EU and IAAF extend cooperation on nuclear security Regulation and security

September 22, 2021

The European Union (EU) and the International Atomic Energy Agency (IAEA) have extended a 2013 agreement to work together on nuclear security. Their collaboration has already resulted in more than a hundred nuclear safety assessment missions, the rehabilitation of former uranium stations in Central Asia, and more efficient radioactive waste management in Africa.

European Commission Massimo Garriba and IAEA’s Lidi Ivard (pictured CC Villarial)

At this week’s 65th IAA General Assembly, the two sides extended their 2013 cooperation agreement on radioactive waste, regulatory arrangements, safety assessments and assessments, emergency preparedness and response, environmental improvement and EIAA development and implementation. Safety standards.

“This joint decision will help maintain the momentum we have built on our past common achievements and we look forward to working with the European Union,” said IAEA Deputy Director-General and Head of the Department of Nuclear Security. And safety Lydie Evrard.

Massimo Garibaba, Director General of the European Commission’s Energy Directorate, welcomed the value of the new agreement and said, “We look forward to greater cooperation in nuclear security, including in the field of peer review missions.”

In June 2013, the International Atomic Energy Agency (IAEA) and the European Commission signed a new contribution agreement under the Nuclear Non-Proliferation Treaty. Under the agreement, the agency agreed to contribute 9.26 million euros to the IAEA to support the Agency’s Technical Cooperation (TC) program and the Department of Nuclear Safety and Security (NS) nuclear safety projects. . This contribution is part of the EC’s efforts to promote nuclear and radiation safety around the world. It was to cover a total of 13 TC projects and 10 NS projects.

The EU supports the development of peer review services such as the Integrated Monitoring Service (IRRS) and the Integrated Assessment Service (ARTEMIS). In return, these assessments have enabled EU countries to fulfill their obligations under the EU’s Nuclear Safety and Waste Directive. Since 2013, 116 IRRS missions and 12 Artemis missions have been conducted to evaluate control systems and radioactive waste and used fuel management.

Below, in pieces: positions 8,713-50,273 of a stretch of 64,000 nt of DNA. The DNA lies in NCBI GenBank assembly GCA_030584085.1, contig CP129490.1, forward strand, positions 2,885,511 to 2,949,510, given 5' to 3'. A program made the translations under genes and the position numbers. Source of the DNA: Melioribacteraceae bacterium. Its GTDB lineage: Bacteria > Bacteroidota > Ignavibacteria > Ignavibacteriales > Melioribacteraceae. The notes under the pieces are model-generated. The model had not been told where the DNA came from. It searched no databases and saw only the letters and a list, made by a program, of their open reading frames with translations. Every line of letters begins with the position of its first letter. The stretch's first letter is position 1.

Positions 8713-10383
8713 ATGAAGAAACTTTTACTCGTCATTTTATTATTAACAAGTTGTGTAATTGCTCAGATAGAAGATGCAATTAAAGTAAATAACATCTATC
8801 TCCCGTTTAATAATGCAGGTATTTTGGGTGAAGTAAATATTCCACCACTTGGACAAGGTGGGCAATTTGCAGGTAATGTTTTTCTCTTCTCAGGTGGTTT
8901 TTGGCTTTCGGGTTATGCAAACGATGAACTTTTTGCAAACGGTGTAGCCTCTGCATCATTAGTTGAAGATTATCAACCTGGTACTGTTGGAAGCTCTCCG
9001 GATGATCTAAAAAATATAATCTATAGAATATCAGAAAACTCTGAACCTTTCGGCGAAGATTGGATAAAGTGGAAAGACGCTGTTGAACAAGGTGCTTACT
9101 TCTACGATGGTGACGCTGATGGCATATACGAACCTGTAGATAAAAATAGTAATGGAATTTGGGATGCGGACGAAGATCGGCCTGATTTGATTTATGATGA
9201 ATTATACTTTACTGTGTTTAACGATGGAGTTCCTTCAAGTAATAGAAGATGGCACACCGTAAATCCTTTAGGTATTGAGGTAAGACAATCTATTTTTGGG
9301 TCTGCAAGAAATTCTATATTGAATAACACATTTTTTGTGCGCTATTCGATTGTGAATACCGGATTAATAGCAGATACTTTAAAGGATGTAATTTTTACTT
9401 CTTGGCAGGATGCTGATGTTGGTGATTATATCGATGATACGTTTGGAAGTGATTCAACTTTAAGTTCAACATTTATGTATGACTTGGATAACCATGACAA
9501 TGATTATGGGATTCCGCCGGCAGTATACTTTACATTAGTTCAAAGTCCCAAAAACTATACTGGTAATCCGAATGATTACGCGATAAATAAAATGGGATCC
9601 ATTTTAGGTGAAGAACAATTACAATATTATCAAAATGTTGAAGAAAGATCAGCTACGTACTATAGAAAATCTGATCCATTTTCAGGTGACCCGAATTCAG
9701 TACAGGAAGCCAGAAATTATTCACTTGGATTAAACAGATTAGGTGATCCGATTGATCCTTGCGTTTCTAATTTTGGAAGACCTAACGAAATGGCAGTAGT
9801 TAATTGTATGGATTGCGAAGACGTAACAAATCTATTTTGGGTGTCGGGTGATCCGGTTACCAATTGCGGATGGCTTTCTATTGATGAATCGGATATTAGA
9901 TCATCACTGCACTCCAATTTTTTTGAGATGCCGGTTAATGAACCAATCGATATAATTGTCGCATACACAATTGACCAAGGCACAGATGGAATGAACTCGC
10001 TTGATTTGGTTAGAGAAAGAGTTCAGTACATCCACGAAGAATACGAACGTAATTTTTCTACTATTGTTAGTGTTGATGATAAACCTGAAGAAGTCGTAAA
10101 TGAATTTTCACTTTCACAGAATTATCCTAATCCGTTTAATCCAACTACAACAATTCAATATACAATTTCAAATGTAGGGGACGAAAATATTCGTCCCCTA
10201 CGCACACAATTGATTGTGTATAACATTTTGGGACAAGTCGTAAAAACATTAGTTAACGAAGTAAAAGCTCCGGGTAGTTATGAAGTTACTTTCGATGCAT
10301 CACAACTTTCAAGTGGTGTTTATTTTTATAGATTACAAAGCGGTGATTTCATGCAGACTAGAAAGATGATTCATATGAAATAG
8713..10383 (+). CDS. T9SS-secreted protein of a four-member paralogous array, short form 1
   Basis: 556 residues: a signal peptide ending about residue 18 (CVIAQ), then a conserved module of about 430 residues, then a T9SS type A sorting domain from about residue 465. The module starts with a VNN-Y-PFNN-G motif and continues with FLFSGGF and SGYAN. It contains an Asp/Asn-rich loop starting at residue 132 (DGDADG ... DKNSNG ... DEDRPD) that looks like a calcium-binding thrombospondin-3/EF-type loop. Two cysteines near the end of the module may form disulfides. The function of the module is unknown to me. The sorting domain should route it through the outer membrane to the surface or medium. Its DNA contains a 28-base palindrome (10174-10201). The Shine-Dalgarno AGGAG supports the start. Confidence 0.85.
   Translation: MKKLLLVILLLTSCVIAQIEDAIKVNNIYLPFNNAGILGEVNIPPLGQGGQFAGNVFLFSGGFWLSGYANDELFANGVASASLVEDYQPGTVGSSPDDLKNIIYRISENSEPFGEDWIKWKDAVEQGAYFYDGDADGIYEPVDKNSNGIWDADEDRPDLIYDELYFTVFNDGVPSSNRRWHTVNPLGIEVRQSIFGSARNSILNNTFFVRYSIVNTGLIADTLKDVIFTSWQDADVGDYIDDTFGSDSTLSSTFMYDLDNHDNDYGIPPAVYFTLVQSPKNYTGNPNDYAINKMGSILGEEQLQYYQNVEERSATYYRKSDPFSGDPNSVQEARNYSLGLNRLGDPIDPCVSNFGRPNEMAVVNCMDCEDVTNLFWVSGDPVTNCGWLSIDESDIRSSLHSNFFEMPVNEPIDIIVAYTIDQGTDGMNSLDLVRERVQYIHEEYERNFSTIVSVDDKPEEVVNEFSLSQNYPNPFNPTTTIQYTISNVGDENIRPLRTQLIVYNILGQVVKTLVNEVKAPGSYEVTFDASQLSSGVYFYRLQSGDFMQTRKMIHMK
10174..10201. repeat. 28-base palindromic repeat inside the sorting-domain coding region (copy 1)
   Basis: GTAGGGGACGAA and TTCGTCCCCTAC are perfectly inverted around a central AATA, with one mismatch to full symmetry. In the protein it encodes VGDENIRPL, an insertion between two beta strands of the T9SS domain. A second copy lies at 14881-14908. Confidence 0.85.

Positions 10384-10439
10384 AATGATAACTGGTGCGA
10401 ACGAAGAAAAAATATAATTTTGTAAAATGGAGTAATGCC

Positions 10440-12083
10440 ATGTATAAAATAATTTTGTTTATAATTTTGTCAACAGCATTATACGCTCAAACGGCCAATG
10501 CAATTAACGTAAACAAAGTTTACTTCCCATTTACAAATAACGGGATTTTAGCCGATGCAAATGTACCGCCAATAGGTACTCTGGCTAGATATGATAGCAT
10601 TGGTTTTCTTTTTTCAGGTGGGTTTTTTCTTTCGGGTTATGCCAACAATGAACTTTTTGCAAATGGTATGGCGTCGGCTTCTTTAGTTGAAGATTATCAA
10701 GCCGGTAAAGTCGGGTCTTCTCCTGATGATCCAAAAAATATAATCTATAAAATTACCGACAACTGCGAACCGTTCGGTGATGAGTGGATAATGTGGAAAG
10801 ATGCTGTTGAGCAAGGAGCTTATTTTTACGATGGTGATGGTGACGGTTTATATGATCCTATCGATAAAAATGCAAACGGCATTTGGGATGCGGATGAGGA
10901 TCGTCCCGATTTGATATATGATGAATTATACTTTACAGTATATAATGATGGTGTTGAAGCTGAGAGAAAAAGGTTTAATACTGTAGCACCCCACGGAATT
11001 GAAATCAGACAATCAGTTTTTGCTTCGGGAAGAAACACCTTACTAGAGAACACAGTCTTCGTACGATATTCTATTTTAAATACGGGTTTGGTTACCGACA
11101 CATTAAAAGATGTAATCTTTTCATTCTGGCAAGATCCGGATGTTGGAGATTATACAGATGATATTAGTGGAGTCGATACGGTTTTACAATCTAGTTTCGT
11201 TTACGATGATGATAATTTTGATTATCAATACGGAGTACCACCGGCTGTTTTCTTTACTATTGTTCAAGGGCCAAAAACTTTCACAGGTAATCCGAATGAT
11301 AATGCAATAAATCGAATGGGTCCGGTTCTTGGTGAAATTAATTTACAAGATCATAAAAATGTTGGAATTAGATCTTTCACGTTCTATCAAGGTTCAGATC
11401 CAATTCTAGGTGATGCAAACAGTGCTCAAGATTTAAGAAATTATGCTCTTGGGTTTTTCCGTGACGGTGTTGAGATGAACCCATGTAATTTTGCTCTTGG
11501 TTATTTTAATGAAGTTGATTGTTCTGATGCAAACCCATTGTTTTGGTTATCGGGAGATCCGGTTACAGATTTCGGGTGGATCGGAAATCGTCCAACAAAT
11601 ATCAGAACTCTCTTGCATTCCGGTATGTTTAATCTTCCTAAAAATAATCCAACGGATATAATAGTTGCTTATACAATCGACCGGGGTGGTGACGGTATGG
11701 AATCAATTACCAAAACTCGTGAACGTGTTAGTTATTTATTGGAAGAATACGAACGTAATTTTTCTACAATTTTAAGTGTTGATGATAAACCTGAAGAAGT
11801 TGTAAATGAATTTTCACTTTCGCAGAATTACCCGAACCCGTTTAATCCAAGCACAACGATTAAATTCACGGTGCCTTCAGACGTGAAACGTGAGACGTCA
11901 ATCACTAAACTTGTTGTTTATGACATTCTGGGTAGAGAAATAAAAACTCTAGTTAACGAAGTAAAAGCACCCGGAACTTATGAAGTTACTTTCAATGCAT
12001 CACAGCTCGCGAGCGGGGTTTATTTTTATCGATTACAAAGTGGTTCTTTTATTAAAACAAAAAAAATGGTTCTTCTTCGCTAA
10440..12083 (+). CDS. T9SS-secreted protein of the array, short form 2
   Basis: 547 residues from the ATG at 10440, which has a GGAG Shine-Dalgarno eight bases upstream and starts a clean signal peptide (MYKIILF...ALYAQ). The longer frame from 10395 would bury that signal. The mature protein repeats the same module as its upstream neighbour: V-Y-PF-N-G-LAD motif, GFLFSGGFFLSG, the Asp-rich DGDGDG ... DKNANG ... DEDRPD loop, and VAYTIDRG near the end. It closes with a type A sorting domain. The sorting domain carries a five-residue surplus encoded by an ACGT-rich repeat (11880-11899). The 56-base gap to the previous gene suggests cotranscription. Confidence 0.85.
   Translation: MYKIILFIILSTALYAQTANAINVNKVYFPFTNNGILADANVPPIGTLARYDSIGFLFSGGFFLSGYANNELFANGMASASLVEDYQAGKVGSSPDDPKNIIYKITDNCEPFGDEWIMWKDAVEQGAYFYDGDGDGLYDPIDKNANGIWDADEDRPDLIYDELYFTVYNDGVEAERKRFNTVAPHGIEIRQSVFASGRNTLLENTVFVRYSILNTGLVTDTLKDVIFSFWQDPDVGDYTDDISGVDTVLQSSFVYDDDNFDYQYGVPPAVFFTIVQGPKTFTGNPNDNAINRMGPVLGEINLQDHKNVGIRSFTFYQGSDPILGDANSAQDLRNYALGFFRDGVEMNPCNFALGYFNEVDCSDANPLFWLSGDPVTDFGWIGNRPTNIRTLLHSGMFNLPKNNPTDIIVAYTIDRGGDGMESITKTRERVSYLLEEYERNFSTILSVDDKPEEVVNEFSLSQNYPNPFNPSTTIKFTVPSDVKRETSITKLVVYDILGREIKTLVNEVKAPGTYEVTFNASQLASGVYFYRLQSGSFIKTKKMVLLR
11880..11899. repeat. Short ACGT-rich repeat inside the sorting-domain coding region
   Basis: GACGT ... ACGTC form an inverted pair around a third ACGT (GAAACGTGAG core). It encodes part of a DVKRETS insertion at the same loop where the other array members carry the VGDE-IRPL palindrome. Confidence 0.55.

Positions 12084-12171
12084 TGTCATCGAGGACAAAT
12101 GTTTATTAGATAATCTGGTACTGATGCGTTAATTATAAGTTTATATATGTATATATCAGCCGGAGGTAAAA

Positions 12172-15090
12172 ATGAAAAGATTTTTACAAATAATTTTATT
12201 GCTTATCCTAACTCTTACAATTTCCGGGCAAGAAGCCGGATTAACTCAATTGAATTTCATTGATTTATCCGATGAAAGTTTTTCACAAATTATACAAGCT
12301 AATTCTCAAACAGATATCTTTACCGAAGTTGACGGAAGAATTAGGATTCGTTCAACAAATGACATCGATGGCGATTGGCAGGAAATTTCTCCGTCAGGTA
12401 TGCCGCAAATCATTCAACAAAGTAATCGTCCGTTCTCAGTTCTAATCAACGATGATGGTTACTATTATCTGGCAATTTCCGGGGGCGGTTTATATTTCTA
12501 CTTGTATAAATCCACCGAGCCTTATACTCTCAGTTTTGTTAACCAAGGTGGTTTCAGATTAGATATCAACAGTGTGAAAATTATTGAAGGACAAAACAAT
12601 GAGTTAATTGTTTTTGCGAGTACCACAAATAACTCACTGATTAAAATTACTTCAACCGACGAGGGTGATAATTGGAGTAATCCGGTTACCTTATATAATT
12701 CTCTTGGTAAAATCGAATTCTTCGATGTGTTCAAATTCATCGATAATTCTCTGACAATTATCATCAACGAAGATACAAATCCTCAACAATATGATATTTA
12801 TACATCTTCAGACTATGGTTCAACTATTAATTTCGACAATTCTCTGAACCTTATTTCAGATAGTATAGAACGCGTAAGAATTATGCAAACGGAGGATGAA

In Central Asia, the IAAA provides expert advice on environmental degradation for uranium-affected countries. These heritage sites have been in use since the 1990s, and may pose a threat to the local population and the environment.

In Africa, the European Union (EU) has set up projects to increase the safety of research facilities and more efficient radioactive waste management.

Non-EU countries in the Mediterranean have received support to strengthen their coastal emergency preparedness and response in the event of radiological emergencies, as well as full control of radioactive sources during and after surgery, to the grave.

The International Atomic Energy Agency (IAEA) has successfully implemented the International Atomic Energy Agency’s (IAEA) Global Nuclear Non-Proliferation Treaty. He taught courses on nuclear safety around the world in Brazil, France, India, Japan, Mexico, Morocco, Pakistan, and Turkey.

Thanks to EU funding, I have responded to countries that want their national practices to be assessed in line with IAEA standards. Monitoring measures in the countries he has visited have contributed to improving the world’s nuclear safety.

It was researched and written by the world’s nuclear news

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